6.    In villages usually animals are kept in open space. The common fodders fed to cattle are legume hays such as groundnut leaves and stems, guar, senji, metha, gram straw along with   of wheat straw, maize, sugarcane, sorghum, and millets stalks. Animals consume soft  parts of the stalks and  hard stem  are left behind. On hay bedding  these hard stems are  crushed  by animal movement and cut by  their hoofs. And animal dung and urine are automatically mixed up with these. This material is collected daily morning and kept in a heap. And this hay-bed compost becomes ready to use in five to six months. This partially decomposed farmyard manure rich in animal urine is applied to rice soils before the on set of monsoon. The manure is spread evenly in the rice field before land preparation and incorporated into the soil by ploughing. It has been found that 80% of N and other minerals fed to cattle through concentrated feed are covered in urine and feed. Reported by  C.L. Acharya,A.Subba Rao,P.K. Ghosh(2008)
7.    In coastal Andhra Pradesh and Orissa.villages, a specific place in the outskirts is  called gorugothama   (soil of cow gathering place) where cows gather during morning and noon. The dung and urine of the cows are mixed in the soil. The soil from this place  is collected and is used as manure in rice fields. Reported by C.L. Acharya,A. Subba Rao,P.K. Ghosh(2008)
8.    In the local term ’zabo’ means impounding water. This system comprises protected forest land  on the top  well planned rain water harvesting  tank in the middle  and cattle  yard  and terraced rice fields towards foothills. The harvested water  is first taken  into desilting  tank  and kept  there for  a few days. Then it is taken to the main  tank  that is  plastered  from inside  with wet  layer  soil mixed  with paddy straw  or husk  to prevent  water seepage. Down the hill slope is the animal yard where few families keep their livestock together. At foot hills terraced  paddy is the main crop grown  in the area. In this system, inorganic sources  of nutrients are used. On an average  about 10 tonnes of farmyard manure  is added per hectare. When fields  are to be irrigated, the water  from  the main tank  is passed through  animal yard and it carries  all dung and urine  of animals  to rice below  the slope. The nutrient rich silt deposited in the desiltation  tanks  is dug-out  during off-season and added to fields. This is practiced  in Arunachal Pradesh. Reported by  C.L. Acharya,A. Subba Rao,P.K. Ghosh(2008)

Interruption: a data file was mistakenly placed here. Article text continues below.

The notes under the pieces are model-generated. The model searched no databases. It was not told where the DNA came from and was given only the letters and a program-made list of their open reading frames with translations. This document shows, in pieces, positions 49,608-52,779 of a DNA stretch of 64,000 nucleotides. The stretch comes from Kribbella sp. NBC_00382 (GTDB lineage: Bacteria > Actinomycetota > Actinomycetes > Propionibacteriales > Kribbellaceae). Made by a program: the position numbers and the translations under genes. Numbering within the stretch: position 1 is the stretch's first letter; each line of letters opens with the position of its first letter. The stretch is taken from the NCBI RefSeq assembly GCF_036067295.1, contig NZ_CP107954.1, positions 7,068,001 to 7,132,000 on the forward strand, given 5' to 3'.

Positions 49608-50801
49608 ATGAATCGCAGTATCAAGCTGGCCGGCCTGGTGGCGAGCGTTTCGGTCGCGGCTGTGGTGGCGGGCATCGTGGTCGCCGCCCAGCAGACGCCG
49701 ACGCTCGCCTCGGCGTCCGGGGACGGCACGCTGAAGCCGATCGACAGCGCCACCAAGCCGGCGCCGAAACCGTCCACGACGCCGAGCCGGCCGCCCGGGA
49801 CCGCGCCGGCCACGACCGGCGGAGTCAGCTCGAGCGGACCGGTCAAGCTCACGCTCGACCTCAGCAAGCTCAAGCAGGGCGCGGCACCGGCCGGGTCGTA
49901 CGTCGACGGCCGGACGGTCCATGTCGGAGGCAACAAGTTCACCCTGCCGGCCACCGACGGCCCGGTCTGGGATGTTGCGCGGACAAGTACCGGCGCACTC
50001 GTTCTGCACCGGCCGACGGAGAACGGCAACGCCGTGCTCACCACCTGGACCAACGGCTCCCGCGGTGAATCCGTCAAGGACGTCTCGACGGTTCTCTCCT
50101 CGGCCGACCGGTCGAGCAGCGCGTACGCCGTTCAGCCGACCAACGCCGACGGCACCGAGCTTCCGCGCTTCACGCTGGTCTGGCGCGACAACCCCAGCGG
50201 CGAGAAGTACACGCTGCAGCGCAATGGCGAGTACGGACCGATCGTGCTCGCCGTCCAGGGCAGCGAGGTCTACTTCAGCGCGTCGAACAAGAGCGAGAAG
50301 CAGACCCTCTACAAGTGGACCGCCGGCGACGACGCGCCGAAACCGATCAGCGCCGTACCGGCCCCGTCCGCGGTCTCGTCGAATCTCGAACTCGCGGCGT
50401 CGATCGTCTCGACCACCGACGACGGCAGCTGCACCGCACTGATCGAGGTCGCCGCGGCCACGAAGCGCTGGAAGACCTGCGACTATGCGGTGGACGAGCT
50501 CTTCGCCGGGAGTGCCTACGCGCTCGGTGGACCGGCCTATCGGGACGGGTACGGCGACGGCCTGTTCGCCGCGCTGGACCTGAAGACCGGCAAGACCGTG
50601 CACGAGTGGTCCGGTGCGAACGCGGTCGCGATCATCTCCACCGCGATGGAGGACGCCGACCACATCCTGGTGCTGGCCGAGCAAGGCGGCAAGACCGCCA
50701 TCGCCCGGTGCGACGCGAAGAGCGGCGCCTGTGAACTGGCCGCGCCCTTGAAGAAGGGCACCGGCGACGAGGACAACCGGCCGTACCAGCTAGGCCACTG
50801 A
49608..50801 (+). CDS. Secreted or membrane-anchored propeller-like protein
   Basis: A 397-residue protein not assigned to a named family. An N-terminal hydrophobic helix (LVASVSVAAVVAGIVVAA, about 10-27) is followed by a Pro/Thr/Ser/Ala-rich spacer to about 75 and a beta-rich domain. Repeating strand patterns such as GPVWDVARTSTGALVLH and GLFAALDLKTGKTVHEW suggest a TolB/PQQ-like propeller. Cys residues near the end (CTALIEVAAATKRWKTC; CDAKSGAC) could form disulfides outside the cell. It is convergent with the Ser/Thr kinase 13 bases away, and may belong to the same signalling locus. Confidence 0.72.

9.    Terraced rice cultivation  is common in north eastern hill states.  Due to high rainfall in NEH region, the weeds are a constraint for higher productivity in upland rice cultivation. Farmers develop terraces for keeping  water stagnant. These terraces  are generally located in the middle or lower  level of the hills. This practice of standing water   in the field  and wet rice cultivation  is locally known as Panikheti.  The leaves and succulent  branches (chopped)  of trees  are added  to field and allowed to decompose and then  incorporated into soil. Stubbles and residue  of the previous crop  and dry leaves  are burnt  in terraces. Weeds are also incorporated in the soil. Reported by C.L. Acharya,A.Subba Rao,P.K. Ghosh(2008)
10.    In jute–rice rotation system of Orissa and West Bengal, farmers hardly use any fertilizer, only as basal dose to rice. After harvesting jute, farmers usually keep plants on their fields for about a week for their partial drying  and shedding  off all leaves  on the ground. At the time of land preparation detached fallen leaves are incorporated into the soil and the field is kept as such for a week before transplanting rice seedlings. Decomposed jute leaves contribute at least 10-20 kg of N per hectare depending upon the yield of jute crop. Reported by  C.L. Acharya,A.Subba Rao,P.K. Ghosh(2008)